Archive for February, 2011

New Survey Reveals Higher 2010 Revenues for Nonprofits

Friday, February 25th, 2011

volunteer screening, volunteer background checkA recent survey of nonprofit executive directors revealed that half had seen their revenues increase last year. The report, released by the Bridgespan Group, also said that out of 102 EDs surveyed, 60% are actively seeking talent to hire, compared to 31% the previous year.

This is good news for nonprofits everywhere. While the survey sample is not a huge number, it does indicate that things are starting to look up for nonprofits after a few very tough years.

The survey reports:

  • 32% of respondents said their organization faced funding cuts in 2010, compared to 80% in 2009
  • Of these, only half experienced cuts greater than 10%; in 2009, 77% of funding cuts exceeded 10%
  • Half of nonprofits responding said they had seen an increase in revenues over the past year
  • Most of those experiencing growth saw increases of 10% of more (63%), while 29% experienced 20% increases or more

Nonprofits Try New Strategies in Challenging Economic Times
The nonprofits that experienced growth often implemented new strategies, including:

  • 84% of higher-revenue nonprofits developed contingency plans
  • 94% of increasing-revenue nonprofits increased efforts to accurately measure outcomes
  • 59% of nonprofits with increased revenues nonprofits created a communications plan that addressed recession-related issues, compared to only 43% of declining-revenue organizations
  • 22% of nonprofits that saw revenues increase participated in some form of collaboration with other nonprofits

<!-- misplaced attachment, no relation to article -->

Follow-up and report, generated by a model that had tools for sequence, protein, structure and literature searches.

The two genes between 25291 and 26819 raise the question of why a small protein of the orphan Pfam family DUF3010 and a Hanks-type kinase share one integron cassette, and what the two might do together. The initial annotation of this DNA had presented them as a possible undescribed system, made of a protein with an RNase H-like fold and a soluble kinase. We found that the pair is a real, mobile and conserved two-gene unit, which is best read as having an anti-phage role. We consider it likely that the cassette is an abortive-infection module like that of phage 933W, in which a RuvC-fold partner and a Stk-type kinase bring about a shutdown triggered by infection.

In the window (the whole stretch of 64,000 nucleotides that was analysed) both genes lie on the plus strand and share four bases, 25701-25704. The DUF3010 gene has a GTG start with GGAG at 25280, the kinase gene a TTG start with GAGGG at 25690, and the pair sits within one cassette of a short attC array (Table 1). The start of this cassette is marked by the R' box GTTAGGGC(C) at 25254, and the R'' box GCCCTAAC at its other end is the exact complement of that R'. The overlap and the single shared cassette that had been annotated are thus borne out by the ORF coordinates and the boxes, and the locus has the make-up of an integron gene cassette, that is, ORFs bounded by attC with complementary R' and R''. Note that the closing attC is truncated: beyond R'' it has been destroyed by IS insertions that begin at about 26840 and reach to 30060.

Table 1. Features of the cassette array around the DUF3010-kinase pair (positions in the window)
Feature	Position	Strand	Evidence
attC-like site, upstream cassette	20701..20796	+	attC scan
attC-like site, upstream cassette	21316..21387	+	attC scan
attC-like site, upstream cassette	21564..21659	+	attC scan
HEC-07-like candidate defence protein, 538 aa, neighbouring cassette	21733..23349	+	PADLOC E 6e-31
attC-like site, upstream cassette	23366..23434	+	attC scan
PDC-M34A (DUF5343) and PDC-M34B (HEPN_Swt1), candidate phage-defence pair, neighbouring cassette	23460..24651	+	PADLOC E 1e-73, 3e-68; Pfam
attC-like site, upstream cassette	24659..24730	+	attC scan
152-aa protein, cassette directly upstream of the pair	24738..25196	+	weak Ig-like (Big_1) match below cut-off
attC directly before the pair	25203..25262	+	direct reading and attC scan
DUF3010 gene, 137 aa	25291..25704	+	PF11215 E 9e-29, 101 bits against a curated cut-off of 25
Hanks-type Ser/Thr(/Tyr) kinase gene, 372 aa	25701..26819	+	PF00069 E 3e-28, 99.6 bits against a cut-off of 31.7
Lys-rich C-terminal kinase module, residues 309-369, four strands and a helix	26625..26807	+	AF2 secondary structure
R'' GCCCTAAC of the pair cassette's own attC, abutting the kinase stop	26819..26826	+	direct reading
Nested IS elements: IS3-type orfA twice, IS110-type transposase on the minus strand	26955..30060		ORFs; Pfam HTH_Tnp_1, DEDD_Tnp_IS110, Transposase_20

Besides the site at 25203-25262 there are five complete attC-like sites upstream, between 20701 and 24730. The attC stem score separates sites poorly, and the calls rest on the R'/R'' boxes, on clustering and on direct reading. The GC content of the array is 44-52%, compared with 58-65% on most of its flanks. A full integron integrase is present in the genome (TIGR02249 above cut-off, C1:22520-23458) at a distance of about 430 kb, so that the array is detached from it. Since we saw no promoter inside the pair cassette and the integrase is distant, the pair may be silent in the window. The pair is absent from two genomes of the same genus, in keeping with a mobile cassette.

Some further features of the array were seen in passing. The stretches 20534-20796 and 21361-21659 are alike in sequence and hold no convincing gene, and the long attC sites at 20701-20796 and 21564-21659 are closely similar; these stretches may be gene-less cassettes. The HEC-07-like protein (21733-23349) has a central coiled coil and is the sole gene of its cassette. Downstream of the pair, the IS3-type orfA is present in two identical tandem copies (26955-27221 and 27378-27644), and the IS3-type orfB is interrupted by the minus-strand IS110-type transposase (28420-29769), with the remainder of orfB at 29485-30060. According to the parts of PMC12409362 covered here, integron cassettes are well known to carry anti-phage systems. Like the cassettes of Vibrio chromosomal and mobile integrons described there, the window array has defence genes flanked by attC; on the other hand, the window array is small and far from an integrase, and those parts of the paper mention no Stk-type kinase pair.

It’s certainly good to report some positive news about nonprofit revenues. Not only has the rate of declining revenue slowed, the size of cuts have also decreased.

Nonprofits: Using Twitter Effectively

Thursday, February 17th, 2011

Twitter, the 140-character-limit social networking and messaging service, has been in the news quite a bit lately, especially with the political events in Egypt. When in our history have so many people been connected so quickly and easily in support of a common goal?

That’s the beauty of Twitter—nonprofit groups can use this popular tool to not only communicate quickly with their supporters, they can also raise visibility for their cause, for an event or to raise funds.

Here are 5 tips for nonprofits to use Twitter effectively:

  1. Connecting through online social media tools is a great first step to creating a long-term supporter. Don’t neglect the follow up, by inviting the person to visit your website or sign up for newsletters. They might not donate right away, but you can lay the foundation for future support.
  2. Be real. People want to know that there is a person behind the tweets, so don’t be afraid to engage in a real conversation or reveal your personality. And use your name or the name of your organization so people feel a connection.
  3. Make it easy for donors to donate! If you don’t already have one, add a “donate now” button to your website. When you send out a tweet asking for money, be sure to link to the page that includes this link. Don’t make your supporters click through more than one page to give you money—or you risk losing them.
  4. Tell people what the money is for. Share a quick story—in as few characters as possible—of how donations will make a real difference in someone’s life, in the community or for the environment. Make that emotional connection.
  5. Make it a two-way conversation: Don’t forget to listen as much as you talk. If you have people asking questions, that’s a sign of success—be sure to respond to what people are saying about your organization. Address concerns and nip in the bud any misconceptions that are floating around.

Tips for Leading Volunteer Teams

Friday, February 11th, 2011

screening volunteers, volunteer background checkWhy does one volunteer coordinator excel at leading teams while others struggle with it? While some people come by their leadership abilities naturally, it is a skill that can be learned; however, just like learning the piano, it takes regular practice.